Not constructing a seamless line of communication with the team at the beginning of remote working can lead to disastrous outcomes down the road and leave a huge mess on your hands. As a critical point in tips for managing remote teams, layout clear and realistic expectations for the team, so they’ll know what’s happening. Here are some standards:
- Clarify what tools they need to use
- Share essential information with them
- Fan out the means of communication roadmap
- Manage projects and deadlines
- Stand firm and decide
- Set working hours and assign task owners
- Ask for individual results and give the members your feedback
- Make the daily huddle a priority
The Daily Huddle
Today, monitoring everybody at the office, figuring out what everybody’s up to and how and when they’re delivering on their tasks sounds like a long-forgotten treat. In the new world, keeping up with everybody has completely changed. To avoid getting thrown into a misinformation abyss of ending up making bad decisions, we suggest opting to a “daily huddle” ritual as another excellent example of tips for managing remote teams. The daily huddle, or in scrum terms, the “stand-up,” transpires in 15-20 minutes meeting, same as the run-of-the-mill early morning gatherings at the office. The purpose, stays the same; the only thing differing is the means. Use video conferencing to rally up your team and spend some time with them while getting up-to-dated on some vital details:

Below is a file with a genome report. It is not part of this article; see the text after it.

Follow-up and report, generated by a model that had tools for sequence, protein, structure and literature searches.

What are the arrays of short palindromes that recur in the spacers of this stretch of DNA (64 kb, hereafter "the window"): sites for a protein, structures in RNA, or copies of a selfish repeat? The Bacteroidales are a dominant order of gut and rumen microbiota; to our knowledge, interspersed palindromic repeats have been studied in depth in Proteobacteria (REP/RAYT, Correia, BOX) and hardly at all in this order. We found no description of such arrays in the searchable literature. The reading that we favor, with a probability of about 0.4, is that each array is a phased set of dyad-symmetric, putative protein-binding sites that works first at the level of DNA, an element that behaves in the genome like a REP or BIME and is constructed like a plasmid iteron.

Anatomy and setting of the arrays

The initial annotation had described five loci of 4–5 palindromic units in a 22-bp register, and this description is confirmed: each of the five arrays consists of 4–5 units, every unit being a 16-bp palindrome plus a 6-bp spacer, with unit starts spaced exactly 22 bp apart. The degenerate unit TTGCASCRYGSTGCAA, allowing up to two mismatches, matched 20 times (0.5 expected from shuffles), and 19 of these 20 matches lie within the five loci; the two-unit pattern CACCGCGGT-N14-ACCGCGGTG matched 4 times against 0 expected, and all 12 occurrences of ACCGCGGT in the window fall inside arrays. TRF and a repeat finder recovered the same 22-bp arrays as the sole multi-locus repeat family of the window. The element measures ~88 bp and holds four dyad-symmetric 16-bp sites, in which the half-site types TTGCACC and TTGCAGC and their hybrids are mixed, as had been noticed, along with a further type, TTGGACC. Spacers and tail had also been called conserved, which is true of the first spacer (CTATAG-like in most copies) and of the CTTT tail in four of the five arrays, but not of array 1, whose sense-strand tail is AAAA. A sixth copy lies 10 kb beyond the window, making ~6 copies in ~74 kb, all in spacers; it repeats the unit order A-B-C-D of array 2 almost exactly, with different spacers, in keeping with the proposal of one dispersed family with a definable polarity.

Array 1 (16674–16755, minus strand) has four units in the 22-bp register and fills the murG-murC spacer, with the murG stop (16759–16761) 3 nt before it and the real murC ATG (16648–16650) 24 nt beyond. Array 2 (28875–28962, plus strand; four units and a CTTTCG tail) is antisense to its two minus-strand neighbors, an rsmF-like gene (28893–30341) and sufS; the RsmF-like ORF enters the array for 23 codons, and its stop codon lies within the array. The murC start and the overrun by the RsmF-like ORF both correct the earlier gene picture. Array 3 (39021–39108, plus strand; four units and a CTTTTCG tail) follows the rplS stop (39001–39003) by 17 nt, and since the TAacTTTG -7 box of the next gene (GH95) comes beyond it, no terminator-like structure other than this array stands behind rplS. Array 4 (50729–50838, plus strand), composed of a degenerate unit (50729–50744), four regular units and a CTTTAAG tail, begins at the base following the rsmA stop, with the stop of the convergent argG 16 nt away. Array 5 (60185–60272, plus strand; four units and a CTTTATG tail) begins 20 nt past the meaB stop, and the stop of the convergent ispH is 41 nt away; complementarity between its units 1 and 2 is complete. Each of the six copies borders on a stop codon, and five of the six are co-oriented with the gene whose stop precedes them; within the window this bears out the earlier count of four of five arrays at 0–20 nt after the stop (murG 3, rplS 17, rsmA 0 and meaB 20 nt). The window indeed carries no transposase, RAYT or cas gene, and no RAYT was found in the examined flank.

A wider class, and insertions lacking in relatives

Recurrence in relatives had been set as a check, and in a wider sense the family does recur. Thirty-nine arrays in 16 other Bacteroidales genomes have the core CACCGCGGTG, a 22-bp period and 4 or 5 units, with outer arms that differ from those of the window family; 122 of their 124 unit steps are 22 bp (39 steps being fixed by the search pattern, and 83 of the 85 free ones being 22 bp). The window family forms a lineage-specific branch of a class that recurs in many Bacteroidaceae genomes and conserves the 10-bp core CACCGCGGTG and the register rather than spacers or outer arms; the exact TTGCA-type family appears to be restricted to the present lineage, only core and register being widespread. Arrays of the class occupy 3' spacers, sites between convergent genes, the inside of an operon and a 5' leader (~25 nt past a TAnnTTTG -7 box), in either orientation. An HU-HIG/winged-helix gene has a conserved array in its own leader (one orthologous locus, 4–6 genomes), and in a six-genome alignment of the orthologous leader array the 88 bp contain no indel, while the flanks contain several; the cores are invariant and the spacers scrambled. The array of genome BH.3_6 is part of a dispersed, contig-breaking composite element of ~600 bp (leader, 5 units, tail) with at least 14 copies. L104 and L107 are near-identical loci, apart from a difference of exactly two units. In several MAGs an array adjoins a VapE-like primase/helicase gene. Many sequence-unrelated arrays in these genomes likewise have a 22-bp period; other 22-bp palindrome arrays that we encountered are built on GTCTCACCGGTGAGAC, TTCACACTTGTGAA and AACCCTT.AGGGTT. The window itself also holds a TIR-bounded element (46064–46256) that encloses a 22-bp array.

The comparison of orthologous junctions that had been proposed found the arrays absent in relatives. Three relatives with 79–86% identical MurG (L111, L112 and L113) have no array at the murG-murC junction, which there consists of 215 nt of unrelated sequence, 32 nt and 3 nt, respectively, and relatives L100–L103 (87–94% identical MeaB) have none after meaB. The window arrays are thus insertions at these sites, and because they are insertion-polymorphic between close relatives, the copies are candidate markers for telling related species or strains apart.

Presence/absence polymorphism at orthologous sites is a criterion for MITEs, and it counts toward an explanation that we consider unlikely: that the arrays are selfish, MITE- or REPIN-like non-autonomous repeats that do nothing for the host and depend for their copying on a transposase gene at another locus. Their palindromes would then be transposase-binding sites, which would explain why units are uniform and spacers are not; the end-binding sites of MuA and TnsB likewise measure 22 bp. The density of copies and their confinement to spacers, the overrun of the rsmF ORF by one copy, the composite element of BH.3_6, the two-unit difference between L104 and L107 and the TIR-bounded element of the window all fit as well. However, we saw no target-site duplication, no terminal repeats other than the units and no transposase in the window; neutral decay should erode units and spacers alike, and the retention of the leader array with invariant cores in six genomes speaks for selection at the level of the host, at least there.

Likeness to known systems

- What each individual team member has accomplished in the set time?
- What are they planning to do today?
- What barriers they might face today? How progress might linger?
Crates a Video-Conferencing Culture
This part doesn’t only confides to the daily huddle of culture or executive meetings to decide the route of a company; the video, conferencing must take over. Between the lack of regular exchanges at the office where people come face to face with each other and the frustration of having to work from a lonely office designed for the pandemic, it’s normal for employees to feel isolated and lose their sanity. By creating a video-conferencing culture and transforming the god-awful in-audio meetings into meaningful and encouraging virtual confrontations where employees can truly feel alive and connected to their friends, break away from stereotypes and boost the morality of your workers. Doing so would provide a more “in-person” relation for the already-bored workforce and introduces a more human element to the meetings, which all the new-era digital communications seem to be missing.
Another huge plus of the concept is that you can keep track of what employees are doing during the conference. Old-school all-voice conferences strip the leaders and managements from detecting what their team members are up to and increased the possibility of them multi-tasking while presumably being active in the meeting. This way, you people are more engaged (vigilant if you will) to take part in the conference knowing that you’re watching their every move and facial expression, another outstanding result of sticking to the tips for managing remote teams.